So when Berrey says that “politicians promoted small-scale homeownership housing programs for the middle class in the name of diversity—but these race-blind programs were altogether insufficient for addressing the displacement of the low-income, majority black and Latino renters getting railroaded by condominium conversions” and castigates herself and other white people for “our inclination to live near people like us (i.e. white) or to put in a good word with the boss about our friends (i.e. probably white)” she is missing the point and obfuscating the source of inequality and racism.

When market forces dictate who lives where, there is no cure for the phenomenon of gentrification. People will be displaced and prices will go up. What seems to always be missed in conversations about gentrification is that without guaranteed housing for all, there will always be homeless and people will always be priced out of markets when they become in-demand—which disproportionately affects racialized people.

Further, when Berrey points out that “even in the hands of the well-intended, diversity leaves us without a language for making sense of ongoing racism or deliberating effective policy responses,” she is criticizing the limiting ideas about what anti-racism or equity can even be in a world whose logic is based on the profit-motive and the needs of the market. Under capitalism, equity has come to mean increased opportunities for a small portion of people from marginalized groups to exploit an ever-present underclass, which in our world is disproportionately racialized, female and disabled.

Berrey is correct when she states: “We need fewer cheerful logos and more effective action. Like an honest reckoning with racist housing policies that have robbed people of color of wealth. Like affirmative action policies at work and in universities, which have effectively moved people of color up the economic ladder. Like support for collective union bargaining. Like the decriminalization of recreational drug use and addiction.” These suggestions are light years ahead of what corporate diversity advocates would suggest as the solution to racism and inequality, but ultimately fall short of true racial justice. Without guarantees of universal and free access for everyone to healthcare, childcare, housing, education and guaranteed income, everything meant to combat racism can seem tokenistic and ephemeral.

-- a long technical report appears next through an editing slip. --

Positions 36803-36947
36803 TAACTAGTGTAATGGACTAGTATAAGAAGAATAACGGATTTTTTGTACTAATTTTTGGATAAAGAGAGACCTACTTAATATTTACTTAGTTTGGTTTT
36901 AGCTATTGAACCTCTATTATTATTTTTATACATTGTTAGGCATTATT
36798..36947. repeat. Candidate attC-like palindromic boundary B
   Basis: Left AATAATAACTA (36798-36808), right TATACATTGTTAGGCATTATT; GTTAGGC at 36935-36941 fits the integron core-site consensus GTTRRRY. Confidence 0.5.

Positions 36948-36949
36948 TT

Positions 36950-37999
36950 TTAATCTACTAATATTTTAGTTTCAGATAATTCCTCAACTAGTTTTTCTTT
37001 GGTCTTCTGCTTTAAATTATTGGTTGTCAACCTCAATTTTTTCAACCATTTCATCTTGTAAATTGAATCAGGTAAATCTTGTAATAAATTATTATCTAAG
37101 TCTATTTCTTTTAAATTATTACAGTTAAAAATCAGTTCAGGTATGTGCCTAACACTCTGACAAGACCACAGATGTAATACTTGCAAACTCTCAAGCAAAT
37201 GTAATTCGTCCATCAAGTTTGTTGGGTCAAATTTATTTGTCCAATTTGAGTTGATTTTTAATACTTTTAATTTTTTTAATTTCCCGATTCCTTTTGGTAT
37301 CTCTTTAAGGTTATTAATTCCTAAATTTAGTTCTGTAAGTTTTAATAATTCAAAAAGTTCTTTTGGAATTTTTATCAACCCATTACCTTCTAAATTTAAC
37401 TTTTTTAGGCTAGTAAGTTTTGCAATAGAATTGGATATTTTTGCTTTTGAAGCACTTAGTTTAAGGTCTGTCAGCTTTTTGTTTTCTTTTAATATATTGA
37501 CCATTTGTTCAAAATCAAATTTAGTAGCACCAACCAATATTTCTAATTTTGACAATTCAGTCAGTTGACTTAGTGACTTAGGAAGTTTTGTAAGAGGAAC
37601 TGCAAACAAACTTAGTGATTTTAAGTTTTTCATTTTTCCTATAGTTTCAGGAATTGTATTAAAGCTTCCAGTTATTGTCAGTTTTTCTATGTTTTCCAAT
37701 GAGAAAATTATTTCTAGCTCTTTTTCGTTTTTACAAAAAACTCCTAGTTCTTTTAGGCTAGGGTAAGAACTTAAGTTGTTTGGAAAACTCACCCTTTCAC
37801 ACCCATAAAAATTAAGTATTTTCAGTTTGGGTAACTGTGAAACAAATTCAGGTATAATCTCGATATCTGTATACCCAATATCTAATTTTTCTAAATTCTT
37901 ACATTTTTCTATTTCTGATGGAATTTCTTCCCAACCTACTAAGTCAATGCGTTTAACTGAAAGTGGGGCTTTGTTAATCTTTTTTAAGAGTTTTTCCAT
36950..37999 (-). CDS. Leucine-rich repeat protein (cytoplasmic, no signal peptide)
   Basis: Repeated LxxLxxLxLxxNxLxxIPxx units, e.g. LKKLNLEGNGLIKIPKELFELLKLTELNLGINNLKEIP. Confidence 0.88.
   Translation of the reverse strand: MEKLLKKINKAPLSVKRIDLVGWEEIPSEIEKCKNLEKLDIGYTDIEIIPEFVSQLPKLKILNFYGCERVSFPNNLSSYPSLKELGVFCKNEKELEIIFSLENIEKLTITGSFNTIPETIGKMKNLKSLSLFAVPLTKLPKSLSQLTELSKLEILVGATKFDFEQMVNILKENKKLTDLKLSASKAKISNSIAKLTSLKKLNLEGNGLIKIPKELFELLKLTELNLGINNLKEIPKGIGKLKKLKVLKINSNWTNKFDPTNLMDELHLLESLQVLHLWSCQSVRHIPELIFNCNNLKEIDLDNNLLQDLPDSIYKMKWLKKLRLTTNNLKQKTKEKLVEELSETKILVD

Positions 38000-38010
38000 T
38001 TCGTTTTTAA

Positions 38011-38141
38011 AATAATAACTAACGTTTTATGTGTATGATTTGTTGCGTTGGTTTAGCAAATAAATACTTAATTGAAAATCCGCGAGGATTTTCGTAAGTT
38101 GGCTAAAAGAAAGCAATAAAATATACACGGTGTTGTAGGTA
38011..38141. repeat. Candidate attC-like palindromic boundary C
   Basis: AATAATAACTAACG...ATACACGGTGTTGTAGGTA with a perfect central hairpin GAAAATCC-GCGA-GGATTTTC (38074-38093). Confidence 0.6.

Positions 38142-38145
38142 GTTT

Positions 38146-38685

Black Panthers

To effectively challenge racism, it is instructive to look at what the Black Panther Party, the largest revolutionary socialist party in the history of the United States, had to say about how to defeat racism. What follows is the Black Panther Party 10-point program, a guiding document for the organization that dedicated itself to the defense and advancement of Black communities in the United States during the 1960s. The program’s demands are completely incompatible with capitalism and would demolish racism and benefit the entire working class:

What We Want Now!

1. We want freedom. We want power to determine the destiny of our Black Community.

2. We want full employment for our people.

3. We want an end to the robbery by the capitalists of our black and oppressed communities.

4. We want decent housing, fit for shelter of human beings.

5. We want education for our people that exposes the true nature of this decadent American society. We want education that teaches us our true history and our role in the present day society.

6. We want all Black men to be exempt from military service.

7. We want an immediate end to POLICE BRUTALITY and MURDER of Black people.

8. We want freedom for all Black men held in federal, state, county and city prisons and jails.

9. We want all Black people when brought to trial to be tried in court by a jury of their peer group or people from their Black Communities, as defined by the Constitution of the United States.

10. We want land, bread, housing, education, clothing, justice and peace.

Watch the movie The Black Panthers: Vanguard of the Revolution, at HotDocs cinema